Books have many purposes: I would suggest that you use this book as a hands-on tool. This is why I not only offer you a series of reconstructions of Western notions of freedom, but I also put on the table, so to speak, the most relevant textual material for my arguments: the book is thus replete with footnotes and, more important, quotations.
Nowadays, the sheer overabundance of secondary literature and the complete reliance on translations risk keeping you away from the original sources: the former, by inflating your need for expert mediation, the latter, by boasting the independence of the text from its specific language expression. In both cases, the supposed meaning of the text is unduly detached from its written configuration and, more generally, from its context.
In this book, quotations in the original version and script are instead meant to render immediately visible to you the long and tortuous process of construction and reconstruction of texts across times, cultures and languages. Western notions of freedom, similarly to other main Western ideas, trace a path that is both convoluted – as it is often bent over its past – and discontinuous: subsequent waves of translations from Greek (and sometimes Hebrew) sources into Latin first, and into European national idioms later on, are major turning points in such a turbulent course. Moreover, deviations and jumps in the use of notions of freedom do not only result from translations and transliterations, but also from language manipulation, which only the original reference can show.†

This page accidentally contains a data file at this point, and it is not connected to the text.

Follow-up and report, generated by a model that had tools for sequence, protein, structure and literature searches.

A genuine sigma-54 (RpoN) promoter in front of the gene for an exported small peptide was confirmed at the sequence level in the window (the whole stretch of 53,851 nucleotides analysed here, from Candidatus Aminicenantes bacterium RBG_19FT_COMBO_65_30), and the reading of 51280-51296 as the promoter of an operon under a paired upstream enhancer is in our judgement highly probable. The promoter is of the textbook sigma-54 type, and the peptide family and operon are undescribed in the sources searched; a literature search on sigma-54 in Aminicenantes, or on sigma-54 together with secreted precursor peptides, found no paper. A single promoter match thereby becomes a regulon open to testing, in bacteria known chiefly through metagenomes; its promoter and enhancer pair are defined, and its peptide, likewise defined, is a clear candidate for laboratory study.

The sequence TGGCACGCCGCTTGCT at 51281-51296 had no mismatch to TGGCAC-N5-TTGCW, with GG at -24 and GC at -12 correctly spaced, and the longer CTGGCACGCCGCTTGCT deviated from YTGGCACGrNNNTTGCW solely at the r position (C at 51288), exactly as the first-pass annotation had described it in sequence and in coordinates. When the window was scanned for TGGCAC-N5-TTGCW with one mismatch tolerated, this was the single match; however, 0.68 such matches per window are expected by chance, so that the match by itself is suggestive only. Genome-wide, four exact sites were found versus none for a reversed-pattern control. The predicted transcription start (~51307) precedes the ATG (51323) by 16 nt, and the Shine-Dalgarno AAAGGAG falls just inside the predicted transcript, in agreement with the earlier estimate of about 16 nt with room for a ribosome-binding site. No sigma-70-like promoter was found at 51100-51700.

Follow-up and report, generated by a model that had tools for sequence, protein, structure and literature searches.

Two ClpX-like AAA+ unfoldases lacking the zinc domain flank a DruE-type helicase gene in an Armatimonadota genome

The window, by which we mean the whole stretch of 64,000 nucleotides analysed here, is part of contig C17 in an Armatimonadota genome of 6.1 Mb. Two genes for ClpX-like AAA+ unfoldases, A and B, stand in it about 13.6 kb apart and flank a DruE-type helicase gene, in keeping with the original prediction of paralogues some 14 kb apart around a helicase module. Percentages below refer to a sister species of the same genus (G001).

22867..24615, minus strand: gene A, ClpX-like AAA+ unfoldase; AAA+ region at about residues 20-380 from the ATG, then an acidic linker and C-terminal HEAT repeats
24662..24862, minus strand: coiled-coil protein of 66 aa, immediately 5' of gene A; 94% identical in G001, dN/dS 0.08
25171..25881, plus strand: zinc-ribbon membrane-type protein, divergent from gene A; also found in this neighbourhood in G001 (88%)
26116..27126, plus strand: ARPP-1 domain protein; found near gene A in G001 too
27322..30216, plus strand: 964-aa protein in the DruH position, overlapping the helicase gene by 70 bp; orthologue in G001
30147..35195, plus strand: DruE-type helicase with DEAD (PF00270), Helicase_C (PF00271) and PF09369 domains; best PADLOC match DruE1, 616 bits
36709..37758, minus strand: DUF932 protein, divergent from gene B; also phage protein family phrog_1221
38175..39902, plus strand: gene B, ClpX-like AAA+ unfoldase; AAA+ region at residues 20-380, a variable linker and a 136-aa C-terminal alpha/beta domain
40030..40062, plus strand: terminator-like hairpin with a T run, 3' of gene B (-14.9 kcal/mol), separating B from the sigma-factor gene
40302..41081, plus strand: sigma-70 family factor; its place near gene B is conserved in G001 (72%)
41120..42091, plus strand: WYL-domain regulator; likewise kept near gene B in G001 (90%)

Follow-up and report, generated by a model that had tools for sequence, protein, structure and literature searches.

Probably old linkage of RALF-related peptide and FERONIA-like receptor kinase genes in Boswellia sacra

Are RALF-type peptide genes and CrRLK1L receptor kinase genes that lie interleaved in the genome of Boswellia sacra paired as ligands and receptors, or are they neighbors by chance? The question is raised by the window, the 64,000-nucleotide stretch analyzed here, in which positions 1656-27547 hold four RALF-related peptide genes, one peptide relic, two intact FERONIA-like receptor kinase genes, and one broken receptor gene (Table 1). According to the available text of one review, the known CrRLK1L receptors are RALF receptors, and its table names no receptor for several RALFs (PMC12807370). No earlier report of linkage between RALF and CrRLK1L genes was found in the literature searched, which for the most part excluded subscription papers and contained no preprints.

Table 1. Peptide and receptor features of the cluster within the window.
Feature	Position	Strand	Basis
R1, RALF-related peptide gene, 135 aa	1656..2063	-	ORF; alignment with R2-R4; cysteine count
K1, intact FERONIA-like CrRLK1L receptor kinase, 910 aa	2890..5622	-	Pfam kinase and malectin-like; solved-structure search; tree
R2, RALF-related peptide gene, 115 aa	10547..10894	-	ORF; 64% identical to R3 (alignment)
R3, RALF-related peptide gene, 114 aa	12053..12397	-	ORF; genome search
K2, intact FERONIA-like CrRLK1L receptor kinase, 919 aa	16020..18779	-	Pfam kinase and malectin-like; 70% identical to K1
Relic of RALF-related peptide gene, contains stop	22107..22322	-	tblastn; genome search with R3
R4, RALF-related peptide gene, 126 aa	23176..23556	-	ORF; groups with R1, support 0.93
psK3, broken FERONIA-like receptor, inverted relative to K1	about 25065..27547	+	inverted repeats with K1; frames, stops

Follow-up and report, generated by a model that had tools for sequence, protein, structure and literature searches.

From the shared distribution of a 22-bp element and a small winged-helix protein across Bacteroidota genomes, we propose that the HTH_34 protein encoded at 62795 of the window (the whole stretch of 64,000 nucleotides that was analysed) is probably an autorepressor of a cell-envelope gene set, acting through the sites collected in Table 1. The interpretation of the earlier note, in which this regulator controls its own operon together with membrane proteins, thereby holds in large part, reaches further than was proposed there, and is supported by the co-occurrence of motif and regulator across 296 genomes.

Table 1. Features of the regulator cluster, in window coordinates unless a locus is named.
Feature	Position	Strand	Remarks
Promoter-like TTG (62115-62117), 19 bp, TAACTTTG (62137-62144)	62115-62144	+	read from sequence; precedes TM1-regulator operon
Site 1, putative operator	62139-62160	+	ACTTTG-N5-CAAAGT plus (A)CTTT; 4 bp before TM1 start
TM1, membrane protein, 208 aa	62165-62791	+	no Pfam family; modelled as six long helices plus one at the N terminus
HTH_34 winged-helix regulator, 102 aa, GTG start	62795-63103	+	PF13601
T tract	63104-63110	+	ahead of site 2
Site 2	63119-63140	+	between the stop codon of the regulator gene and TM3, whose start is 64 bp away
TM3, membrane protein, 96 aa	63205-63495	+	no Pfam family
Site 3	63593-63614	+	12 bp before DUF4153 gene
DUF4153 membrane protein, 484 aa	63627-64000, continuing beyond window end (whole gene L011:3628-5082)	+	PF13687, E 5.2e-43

The display of the transformations of freedom-related terms, both within and without specific languages, is intended to give you visual evidence of a plurality of uses that can only forcibly be reduced to the fictitious unity of a single notion of freedom. But of course, you may use this material as you wish: to verify, to take further, or to question my suggestions. However, so long as my quotations allow you an escape from the monolingual cage of contextless abstractions, their presence in the text is not useless.
† I write the word ‘god’ as referring to both Christian and other deities with the lower-case initial letter, whilst I write ‘God’ in quoted text when capitalised by other authors.